Russell was a leading figure in design and craft circles, involved with state design policy in connection with the Utility scheme of the 1940s and the Council of Industrial Design (see Design Council) on which he served as director from 1947 to 1960. For much of his life Russell was closely identified with the Cotswolds, attending the Grammar School in Chipping Camden where C. R. Ashbee had established his Guild of Handicraft. From an early age he worked in his father's furniture repair shop and, after serving with distinction as a soldier in the trenches in the First World War, commenced a career in furniture design. Heavily influenced by the tenets of the Arts and Crafts Movement, much of his early work was geared to hand production. Russell furniture was exhibited at the Wembley British Empire Exhibition in London (1924) and at the 1925 Paris Exposition des Arts Décoratifs et Industriels where he was awarded a Gold and two Silver Medals. Russell Workshops Ltd. was established in 1927, becoming Gordon Russell Ltd. in 1929. His outlook became increasingly oriented towards mechanization and quantity production, particularly through the manufacture of radio cabinets (often designed by his brother R. D. Russell) for radio manufacturers Frank Murphy and E. J. Power. Russell was also active in the Design and Industries Association, an organization that was in tune with Russell's commitment to producing well‐designed furniture in quantity at attractive prices without sacrificing quality. The company had showrooms in Broadway in Gloucestershire and in London and its designs were also sold through selected retailers, including those of the Good Furniture Group of the late 1930s. Russell's links with Modernism in Britain were further consolidated by the appointment during the 1930s of Nikolaus Pevsner as buyer of textiles and glass for the company. During the Second World War Russell became a member of the Board of Trade's Utility Committee (from 1942) and chairman of the Board's Design Panel (from 1943). As a campaigner for better standards of design in British industry with an intimate knowledge of the field he was appointed as a member of the Council of Industrial Design (established 1944, see Design Council), becoming its second director from 1947 to 1959. He was knighted in 1955 and received many honours for his services to design, including the Albert Medal of the Royal Society of Arts (1962), election as a Royal Designer for Industry, and a number honorary doctorates. He was also the first Fellow of the Society of Industrial Artists and Designers (see Chartered Society of Designers), president of the Design and Industries Association, and master of the Art Workers' Guild. He was also the first chairman of the Crafts Council of Great Britain, showing that despite his deep professional involvement with the promotion of industrial design in the 1940s and 1950s he was still sensitive to the arts and crafts philosophy that had influenced him earlier in life. Russell was a writer on many aspects of design and furniture, including the revealing Designer's Trade: Autobiography of Gordon Russell (1968).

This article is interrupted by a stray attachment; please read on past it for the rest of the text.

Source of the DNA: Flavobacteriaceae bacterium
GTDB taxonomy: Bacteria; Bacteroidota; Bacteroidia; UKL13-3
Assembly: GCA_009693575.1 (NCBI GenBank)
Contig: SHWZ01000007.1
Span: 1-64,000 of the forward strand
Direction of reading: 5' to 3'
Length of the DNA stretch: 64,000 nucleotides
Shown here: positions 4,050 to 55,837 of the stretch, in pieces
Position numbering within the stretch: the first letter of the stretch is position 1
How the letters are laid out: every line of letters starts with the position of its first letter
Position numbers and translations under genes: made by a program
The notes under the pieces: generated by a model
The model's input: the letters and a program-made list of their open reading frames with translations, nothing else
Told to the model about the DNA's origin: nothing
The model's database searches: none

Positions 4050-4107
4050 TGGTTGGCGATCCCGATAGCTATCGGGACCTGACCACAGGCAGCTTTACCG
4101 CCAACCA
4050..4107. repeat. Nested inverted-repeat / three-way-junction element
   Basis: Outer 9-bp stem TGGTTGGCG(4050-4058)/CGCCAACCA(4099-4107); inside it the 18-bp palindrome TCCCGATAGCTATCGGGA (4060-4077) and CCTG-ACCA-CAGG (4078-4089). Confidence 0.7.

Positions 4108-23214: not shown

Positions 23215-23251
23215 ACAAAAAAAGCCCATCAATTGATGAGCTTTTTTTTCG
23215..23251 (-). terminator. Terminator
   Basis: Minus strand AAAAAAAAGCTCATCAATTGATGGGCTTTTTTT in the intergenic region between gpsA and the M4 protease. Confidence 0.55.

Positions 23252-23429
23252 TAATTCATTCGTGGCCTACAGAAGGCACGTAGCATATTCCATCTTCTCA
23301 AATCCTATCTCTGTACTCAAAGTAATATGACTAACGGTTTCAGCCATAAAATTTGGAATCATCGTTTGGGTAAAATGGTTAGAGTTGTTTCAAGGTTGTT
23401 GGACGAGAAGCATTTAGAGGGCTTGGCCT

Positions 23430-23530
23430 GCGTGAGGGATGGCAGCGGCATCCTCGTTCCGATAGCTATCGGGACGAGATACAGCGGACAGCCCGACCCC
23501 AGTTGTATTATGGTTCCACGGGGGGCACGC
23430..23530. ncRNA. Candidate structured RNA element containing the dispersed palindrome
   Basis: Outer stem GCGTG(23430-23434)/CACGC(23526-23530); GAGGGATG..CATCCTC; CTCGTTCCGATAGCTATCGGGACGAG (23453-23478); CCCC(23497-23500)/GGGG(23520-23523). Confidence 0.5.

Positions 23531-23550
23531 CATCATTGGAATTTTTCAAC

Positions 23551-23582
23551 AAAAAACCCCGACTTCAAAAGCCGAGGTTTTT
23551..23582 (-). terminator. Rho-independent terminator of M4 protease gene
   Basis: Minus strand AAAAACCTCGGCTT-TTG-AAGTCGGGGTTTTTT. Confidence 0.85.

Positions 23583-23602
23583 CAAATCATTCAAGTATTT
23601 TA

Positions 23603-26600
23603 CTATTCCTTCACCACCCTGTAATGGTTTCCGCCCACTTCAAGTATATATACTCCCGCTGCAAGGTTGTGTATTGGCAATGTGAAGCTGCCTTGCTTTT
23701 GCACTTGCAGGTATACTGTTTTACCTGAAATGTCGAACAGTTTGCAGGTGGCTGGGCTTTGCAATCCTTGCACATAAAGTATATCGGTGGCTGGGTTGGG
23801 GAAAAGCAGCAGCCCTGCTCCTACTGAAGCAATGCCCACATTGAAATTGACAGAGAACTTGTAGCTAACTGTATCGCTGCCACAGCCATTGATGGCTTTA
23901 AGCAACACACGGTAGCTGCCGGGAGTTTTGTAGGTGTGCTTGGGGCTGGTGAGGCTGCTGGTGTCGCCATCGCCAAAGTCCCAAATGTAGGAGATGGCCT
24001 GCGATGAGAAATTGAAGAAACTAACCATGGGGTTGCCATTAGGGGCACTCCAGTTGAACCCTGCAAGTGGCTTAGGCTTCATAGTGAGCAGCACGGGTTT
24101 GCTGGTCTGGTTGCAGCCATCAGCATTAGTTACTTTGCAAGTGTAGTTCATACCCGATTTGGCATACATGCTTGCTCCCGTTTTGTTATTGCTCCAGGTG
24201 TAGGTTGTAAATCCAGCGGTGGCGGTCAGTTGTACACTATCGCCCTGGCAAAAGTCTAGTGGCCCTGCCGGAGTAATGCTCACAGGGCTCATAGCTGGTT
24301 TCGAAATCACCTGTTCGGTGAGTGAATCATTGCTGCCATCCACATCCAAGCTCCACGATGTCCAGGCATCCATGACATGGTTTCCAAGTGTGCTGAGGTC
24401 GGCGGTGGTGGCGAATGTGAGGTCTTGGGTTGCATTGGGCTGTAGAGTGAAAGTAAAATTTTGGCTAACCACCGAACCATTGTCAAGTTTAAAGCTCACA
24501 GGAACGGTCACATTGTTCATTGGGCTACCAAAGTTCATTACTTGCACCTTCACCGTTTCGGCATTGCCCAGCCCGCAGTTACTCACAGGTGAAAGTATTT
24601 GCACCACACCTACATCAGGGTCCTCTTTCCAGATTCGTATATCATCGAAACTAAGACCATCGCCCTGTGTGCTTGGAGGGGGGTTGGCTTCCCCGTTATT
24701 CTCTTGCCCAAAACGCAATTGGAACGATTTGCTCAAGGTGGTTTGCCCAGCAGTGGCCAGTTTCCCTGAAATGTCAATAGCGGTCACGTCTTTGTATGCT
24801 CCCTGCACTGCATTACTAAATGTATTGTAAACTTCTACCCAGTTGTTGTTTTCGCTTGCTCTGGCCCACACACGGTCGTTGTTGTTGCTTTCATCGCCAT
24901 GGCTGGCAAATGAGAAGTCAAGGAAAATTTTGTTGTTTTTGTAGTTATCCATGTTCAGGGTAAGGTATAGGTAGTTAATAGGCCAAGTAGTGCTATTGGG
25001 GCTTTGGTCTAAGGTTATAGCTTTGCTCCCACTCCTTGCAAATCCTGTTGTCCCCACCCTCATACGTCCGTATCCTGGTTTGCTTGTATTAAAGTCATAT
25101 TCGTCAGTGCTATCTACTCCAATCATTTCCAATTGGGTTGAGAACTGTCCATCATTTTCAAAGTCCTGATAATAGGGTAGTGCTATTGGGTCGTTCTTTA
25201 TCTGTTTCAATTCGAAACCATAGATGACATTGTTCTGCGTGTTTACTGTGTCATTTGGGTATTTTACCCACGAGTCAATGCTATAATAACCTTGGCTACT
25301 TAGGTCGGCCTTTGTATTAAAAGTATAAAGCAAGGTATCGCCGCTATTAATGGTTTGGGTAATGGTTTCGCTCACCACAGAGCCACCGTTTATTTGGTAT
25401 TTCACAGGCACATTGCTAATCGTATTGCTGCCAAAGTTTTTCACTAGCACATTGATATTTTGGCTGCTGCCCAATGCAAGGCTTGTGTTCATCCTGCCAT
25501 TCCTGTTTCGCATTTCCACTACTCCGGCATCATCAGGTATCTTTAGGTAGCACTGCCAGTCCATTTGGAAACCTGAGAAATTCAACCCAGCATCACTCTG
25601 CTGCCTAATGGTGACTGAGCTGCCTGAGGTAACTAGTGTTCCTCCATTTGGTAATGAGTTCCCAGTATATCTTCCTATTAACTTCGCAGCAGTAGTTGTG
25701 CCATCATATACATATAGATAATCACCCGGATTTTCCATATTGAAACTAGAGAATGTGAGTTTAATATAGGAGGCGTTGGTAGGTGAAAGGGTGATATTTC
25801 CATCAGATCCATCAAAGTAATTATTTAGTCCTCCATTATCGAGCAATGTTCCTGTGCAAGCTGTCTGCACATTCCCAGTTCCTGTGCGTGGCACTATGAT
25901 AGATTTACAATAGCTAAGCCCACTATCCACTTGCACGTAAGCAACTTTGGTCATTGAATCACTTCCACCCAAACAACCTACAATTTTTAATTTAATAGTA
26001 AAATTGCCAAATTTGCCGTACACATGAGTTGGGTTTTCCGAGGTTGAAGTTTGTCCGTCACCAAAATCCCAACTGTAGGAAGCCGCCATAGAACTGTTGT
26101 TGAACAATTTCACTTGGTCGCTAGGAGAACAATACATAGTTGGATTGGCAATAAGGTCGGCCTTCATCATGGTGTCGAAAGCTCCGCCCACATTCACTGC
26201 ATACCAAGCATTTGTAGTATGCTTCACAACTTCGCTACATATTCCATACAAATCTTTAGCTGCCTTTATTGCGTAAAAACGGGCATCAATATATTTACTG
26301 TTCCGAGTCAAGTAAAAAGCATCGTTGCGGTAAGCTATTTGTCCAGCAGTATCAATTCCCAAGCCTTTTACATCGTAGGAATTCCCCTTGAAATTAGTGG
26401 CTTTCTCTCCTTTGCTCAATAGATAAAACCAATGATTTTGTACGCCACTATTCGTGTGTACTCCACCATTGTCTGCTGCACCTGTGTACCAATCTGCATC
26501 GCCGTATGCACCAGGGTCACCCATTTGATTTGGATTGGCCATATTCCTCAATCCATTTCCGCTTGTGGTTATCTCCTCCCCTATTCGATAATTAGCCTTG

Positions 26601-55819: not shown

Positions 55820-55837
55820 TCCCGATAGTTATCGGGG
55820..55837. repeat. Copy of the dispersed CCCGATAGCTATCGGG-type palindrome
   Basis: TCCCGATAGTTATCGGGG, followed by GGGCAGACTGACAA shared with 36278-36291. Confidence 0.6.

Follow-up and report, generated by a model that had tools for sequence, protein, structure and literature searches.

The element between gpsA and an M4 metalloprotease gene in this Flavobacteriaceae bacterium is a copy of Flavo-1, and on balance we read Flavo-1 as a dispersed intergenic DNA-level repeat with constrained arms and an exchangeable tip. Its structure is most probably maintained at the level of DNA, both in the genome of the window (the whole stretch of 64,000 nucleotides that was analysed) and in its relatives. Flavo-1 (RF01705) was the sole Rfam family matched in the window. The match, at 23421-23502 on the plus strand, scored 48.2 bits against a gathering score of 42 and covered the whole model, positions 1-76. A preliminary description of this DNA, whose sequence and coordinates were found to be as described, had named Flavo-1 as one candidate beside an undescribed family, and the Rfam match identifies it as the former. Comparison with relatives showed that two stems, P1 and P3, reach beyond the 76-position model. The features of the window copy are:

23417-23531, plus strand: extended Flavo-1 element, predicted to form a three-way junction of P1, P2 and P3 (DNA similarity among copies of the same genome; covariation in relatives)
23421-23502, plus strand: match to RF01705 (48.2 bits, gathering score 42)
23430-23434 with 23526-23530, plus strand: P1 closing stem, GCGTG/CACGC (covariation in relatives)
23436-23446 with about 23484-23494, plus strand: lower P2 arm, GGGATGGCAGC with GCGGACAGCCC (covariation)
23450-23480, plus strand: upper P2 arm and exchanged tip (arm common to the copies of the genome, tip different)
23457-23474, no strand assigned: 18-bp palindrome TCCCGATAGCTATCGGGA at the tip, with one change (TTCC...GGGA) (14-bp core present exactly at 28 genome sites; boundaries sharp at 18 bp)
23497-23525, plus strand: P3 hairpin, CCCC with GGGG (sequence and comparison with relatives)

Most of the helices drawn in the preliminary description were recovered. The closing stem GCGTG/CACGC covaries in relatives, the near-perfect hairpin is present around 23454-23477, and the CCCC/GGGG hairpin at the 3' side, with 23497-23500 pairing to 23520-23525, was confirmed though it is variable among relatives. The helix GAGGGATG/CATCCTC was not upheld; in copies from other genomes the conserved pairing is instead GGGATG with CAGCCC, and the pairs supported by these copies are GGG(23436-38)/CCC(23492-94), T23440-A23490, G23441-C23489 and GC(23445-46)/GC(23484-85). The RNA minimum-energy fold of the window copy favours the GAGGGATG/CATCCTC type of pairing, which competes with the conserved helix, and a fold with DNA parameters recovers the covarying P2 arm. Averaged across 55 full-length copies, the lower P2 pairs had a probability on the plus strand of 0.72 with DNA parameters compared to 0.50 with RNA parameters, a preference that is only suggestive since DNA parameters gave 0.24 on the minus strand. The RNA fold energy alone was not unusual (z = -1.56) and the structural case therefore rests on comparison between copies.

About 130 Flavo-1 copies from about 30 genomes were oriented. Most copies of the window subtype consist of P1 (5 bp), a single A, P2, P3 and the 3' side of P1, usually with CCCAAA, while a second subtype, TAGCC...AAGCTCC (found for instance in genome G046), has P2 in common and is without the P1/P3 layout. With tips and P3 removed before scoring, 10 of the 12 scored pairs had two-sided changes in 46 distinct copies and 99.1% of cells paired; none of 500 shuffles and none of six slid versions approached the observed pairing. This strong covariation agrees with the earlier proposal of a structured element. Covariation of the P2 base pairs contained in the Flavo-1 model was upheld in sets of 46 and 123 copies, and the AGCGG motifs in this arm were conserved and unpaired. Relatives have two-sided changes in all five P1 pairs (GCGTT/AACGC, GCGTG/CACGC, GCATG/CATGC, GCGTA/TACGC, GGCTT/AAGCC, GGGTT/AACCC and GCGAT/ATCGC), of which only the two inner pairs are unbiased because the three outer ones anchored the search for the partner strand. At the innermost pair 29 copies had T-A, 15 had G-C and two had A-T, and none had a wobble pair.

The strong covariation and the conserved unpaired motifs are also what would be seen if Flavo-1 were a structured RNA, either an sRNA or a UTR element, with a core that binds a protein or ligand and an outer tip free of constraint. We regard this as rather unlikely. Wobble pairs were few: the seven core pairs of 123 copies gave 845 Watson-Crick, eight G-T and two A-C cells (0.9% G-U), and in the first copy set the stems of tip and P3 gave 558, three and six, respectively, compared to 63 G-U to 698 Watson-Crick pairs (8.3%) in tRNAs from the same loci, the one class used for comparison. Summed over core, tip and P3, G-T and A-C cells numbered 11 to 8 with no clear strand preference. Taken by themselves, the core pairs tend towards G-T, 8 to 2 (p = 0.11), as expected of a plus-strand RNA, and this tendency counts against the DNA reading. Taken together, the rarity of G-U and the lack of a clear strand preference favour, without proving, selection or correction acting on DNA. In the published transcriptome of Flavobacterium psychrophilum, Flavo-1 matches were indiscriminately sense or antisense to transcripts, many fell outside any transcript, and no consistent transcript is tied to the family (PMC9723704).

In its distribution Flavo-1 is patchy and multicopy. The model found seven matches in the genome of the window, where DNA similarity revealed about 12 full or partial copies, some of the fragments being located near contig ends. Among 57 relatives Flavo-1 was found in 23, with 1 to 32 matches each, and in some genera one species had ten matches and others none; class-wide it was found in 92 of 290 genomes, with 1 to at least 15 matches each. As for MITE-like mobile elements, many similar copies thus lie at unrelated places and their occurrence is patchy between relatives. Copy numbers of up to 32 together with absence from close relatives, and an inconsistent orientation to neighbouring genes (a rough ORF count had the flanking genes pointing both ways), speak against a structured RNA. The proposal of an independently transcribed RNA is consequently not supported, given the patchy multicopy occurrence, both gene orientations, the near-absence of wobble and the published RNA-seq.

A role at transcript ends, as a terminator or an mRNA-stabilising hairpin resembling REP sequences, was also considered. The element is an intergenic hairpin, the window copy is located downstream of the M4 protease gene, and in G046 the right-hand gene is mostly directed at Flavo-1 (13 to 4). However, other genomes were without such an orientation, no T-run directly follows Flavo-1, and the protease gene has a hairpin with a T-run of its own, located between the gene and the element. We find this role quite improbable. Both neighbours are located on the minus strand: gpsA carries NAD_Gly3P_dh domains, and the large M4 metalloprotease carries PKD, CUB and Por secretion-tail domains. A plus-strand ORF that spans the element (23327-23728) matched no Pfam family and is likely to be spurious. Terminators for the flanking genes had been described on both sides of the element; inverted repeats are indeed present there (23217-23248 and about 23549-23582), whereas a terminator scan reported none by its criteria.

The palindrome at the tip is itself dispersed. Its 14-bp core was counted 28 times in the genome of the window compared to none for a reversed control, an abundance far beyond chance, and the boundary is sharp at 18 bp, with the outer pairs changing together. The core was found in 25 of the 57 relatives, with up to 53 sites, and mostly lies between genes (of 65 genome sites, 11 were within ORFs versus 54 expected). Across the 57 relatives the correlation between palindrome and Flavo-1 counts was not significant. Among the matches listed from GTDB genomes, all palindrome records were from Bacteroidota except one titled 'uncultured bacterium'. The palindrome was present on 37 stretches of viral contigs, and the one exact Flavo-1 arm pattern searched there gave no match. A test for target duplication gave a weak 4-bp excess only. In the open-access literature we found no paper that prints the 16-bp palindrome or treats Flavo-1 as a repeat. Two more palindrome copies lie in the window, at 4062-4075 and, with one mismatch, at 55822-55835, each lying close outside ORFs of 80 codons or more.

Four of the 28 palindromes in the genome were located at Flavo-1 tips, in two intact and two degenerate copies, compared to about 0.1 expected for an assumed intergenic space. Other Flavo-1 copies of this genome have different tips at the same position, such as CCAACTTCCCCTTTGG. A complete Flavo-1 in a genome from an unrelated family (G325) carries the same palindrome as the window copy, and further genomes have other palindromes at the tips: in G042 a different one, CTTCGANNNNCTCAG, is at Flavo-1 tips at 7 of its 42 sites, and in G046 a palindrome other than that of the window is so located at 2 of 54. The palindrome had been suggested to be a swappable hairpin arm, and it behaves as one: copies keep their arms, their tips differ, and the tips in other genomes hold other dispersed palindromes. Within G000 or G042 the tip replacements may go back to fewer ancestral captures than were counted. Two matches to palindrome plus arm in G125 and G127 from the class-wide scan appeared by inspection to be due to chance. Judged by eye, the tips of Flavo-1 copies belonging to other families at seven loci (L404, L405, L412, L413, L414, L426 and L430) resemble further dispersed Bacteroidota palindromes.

Subjects: Industrial and Commercial Art — Decorative Arts, Furniture, and Industrial Design.